The extras are spread across the three discs and, as with the original Crime Scene Investigation series on DVD, they are made up of a number of featurettes and an audio commentary for series opener Golden Parachute. In this commentary track, episode writer Steven Maeda along with episode director Joe Chappelle reveal a number of facts and figures about the story and what it was like to film in the swampy Everglades. It's interesting enough, but with only one commentary for twelve episodes it all seems a little misery.
The two featurettes Creating CSI : Miami and CSI : Miami Uncovered are interesting enough and contain a number of interviews with series creators Anthony Zuiker, Ann Donahue and Carol Mendelsohn, producer Danny Cannon and writer Elizabeth Devine who talk candidly about creating the series. Whilst the Creating featurette concentrations on the programmes origins, the Uncovered featurette includes some behind the scenes footage along with more interviews with the creators and producers as well as interviews with the cast and crew. With the featurettes running at around 10 minutes each, both offer an interesting insight into the series and its wide ranging appeal.
Next up is the highly annoying Procedures of Handling Evidence feature. Split into a number of sections, which can't all be played in one go, technical consultant John Haynes blinds you with science with the various techniques used to gather evidence. Unfortunately, he annotates the scenes from the series in such a boring a monotone manner they quickly become uninteresting. Things are rounded of with the television trailer for the series.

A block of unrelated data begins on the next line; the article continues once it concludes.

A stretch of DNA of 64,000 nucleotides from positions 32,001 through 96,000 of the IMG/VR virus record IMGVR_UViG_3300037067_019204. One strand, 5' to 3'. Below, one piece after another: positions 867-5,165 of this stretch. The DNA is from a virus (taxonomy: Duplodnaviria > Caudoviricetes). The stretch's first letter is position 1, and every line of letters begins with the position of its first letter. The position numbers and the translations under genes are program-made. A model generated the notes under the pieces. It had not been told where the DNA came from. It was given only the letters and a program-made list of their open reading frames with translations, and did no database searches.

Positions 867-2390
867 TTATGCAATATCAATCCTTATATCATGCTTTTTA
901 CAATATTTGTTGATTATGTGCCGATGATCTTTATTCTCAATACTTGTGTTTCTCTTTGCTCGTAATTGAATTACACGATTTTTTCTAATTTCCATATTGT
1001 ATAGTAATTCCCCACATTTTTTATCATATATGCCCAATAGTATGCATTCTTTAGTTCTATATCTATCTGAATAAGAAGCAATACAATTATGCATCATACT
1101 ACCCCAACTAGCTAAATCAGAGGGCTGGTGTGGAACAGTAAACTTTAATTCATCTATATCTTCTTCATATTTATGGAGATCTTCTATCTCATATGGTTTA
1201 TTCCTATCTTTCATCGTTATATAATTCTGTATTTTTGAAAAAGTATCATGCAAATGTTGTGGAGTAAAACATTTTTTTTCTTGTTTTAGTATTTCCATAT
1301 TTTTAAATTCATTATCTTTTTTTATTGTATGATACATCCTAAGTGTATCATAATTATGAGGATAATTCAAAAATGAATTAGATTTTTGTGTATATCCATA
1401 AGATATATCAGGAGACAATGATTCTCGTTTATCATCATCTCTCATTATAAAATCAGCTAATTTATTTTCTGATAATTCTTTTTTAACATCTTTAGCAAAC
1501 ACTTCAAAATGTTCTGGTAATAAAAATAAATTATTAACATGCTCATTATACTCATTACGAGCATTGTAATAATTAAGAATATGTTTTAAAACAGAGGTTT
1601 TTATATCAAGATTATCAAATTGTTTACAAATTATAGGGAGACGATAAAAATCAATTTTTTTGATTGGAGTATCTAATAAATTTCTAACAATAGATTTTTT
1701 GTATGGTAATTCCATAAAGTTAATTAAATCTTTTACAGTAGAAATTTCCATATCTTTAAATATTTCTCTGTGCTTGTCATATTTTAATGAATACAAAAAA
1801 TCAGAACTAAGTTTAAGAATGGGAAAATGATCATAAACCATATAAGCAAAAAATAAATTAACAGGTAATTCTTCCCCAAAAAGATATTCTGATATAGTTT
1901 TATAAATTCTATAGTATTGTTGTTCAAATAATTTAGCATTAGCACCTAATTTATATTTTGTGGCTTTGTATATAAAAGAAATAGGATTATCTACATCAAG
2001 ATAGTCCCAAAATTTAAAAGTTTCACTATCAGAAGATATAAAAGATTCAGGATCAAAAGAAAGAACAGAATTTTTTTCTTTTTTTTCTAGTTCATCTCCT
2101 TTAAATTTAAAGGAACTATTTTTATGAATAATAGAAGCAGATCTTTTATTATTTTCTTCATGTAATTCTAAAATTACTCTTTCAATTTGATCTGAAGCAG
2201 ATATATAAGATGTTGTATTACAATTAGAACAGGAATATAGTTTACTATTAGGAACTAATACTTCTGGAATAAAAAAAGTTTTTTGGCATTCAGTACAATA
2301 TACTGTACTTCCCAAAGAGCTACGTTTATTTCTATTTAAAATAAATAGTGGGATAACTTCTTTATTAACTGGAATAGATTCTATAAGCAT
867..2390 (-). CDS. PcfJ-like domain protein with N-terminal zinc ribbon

With the original CSI being a hugely successful series it was always going to be hard to improve on. So the producers and script writers got together and came up with a brilliant idea - why not keep the same gripping formula with all the crime scene gadgets and special effects and just move it to another location? This resulted in a new series, and team of CSI agents, based in sun drenched Miami. With so much sun, sea, money and the inevitable bands of criminals knocking around, the formula which made the original CSI such a success could easily be repeated here.
However, whilst there's no doubting the quality of both the scripts and the actors, I really just can't get into CSI Miami and I find that Lieutenant Horatio Caine's tone and bossy demeanour is extremely annoying. I'm a bit of a fickler when it comes to change and I much prefer the original Las Vegas location and its well established characters. Still, that doesn't mean that CSI Miami is rubbish, far from it, and after seeing some cracking episodes aired on Channel 5 I'm willing to stick with the series in the hope I'll join its growing legion of fans. After all, it's the first season of what is essentially a new show and with so many expectations to meet the last thing you want is a fussy viewer.
- Golden Parachute commentary
- Creating CSI: Miami
- CSI: Miami Uncovered
- Procedures of Handling Evidence
- CSI: Miami Trailer